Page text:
A couple of weeks ago, I had an appointment at the ear, nose and throat doctor, and I took my 4-year-old daughter along with me. I hadn’t been to this doctor in the morning before, so I didn’t know that many of his patients are children.

The nurse walked us back to the exam room and then said in a sweet, high little voice, “Now, you just sit right here Emily and the doctor will come see you in a few minutes.”

That’s a strange way to talk, I thought. Then I noticed, she was looking down while she was talking. At my daughter.

“Oh, I’m Emily,” I informed her. (I would have thought the birth date on my chart would have been a dead giveaway.)

“I’m sorry,” the nurse said. “Emily is a little girl’s name. But I guess you were a little girl at one time.”

I spent the next 30 minutes contemplating this statement as the doctor looked in my very adult-like ear, nose and throat. Then, we checked out, made the next appointment and got ready to leave.

“Good-bye, Emily! We’ll see you soon!” the receptionist sang in her little sing-song voice. I just waved politely, and asked my daughter to do the same, since the woman was looking right at her as she talked.

This was the first time I had ever thought of myself as having a little girl’s name. You see, when I was a little girl, I had an older person’s name.

I never had to worry about being one of three Jennifers in my class or the second Cathy. I didn’t mind being different from all the Cindys and Christys. I liked the fact that when I called someone on the phone, even someone I barely knew, I only had to say, “This is Emily”. No last name required since I was the only Emily of my age in town.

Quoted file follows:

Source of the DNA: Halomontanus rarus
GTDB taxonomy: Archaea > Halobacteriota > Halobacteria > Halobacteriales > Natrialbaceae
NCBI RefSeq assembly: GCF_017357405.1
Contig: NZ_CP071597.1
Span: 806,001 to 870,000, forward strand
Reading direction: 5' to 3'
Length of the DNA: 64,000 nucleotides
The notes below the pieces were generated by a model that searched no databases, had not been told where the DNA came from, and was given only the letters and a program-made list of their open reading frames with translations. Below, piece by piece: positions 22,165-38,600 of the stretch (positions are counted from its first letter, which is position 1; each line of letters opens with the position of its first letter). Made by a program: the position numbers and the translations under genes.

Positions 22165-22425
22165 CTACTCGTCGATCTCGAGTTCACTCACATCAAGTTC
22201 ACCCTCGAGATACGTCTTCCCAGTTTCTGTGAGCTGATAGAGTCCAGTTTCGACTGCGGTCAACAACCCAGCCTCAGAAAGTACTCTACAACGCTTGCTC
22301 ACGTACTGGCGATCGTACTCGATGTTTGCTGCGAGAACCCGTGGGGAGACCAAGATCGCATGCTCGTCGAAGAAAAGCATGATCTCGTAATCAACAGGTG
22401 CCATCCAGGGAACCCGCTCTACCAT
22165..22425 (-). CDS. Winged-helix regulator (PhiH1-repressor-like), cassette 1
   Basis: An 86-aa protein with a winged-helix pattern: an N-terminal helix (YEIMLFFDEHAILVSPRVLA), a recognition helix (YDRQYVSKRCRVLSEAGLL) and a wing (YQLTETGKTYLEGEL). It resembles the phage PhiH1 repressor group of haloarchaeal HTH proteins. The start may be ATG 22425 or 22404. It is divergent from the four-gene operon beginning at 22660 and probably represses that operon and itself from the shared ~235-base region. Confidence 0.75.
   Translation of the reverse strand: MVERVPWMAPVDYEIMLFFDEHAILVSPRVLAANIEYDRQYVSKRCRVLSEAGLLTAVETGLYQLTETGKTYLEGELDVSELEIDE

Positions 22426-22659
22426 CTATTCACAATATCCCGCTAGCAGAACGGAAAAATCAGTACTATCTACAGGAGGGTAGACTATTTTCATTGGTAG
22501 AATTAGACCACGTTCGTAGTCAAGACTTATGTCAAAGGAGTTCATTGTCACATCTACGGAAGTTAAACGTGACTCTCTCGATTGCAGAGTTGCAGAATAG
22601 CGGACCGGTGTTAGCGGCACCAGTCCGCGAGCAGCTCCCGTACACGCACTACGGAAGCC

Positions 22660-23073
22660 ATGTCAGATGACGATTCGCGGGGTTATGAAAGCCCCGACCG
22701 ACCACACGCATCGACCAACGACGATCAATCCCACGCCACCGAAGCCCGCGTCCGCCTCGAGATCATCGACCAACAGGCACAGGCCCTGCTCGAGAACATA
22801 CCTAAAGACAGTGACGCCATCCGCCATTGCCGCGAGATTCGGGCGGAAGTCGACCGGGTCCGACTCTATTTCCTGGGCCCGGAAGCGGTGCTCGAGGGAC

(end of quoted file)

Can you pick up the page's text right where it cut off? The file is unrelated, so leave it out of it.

If someone shouted, “Emily” in a park or shopping mall, they were looking for me. I responded to the name like a big Labrador being called to a steak dinner.

Until about 10 years ago.

And that’s when all of the other Emilys were born. They came in a great wave. Emily climbed to the top of the chart of popular girls’ names and sat in the No. 1 position for several years. In fact, when we moved into our house eight years ago, two of our neighbors were Emily. They were age 5 and 6.

I wasn’t sure how to handle this rise in popularity of my once unique name. I guess it’s a compliment that everyone loves the name so much they want to give it to their babies. But I kind of liked being the only Emily in town.

For the first few years, I found my head whip-lashing from left to right as mothers called for their little girls all around me. Finally, I learned to keep looking straight ahead when I heard a stranger’s voice call my name.

So, I guess I’ve come full circle. I’m no longer the little girl with the old-fashioned name. Now, I’m the mom of three kids with the name of a little girl.

What about you? Have you had any strange experiences with your name?

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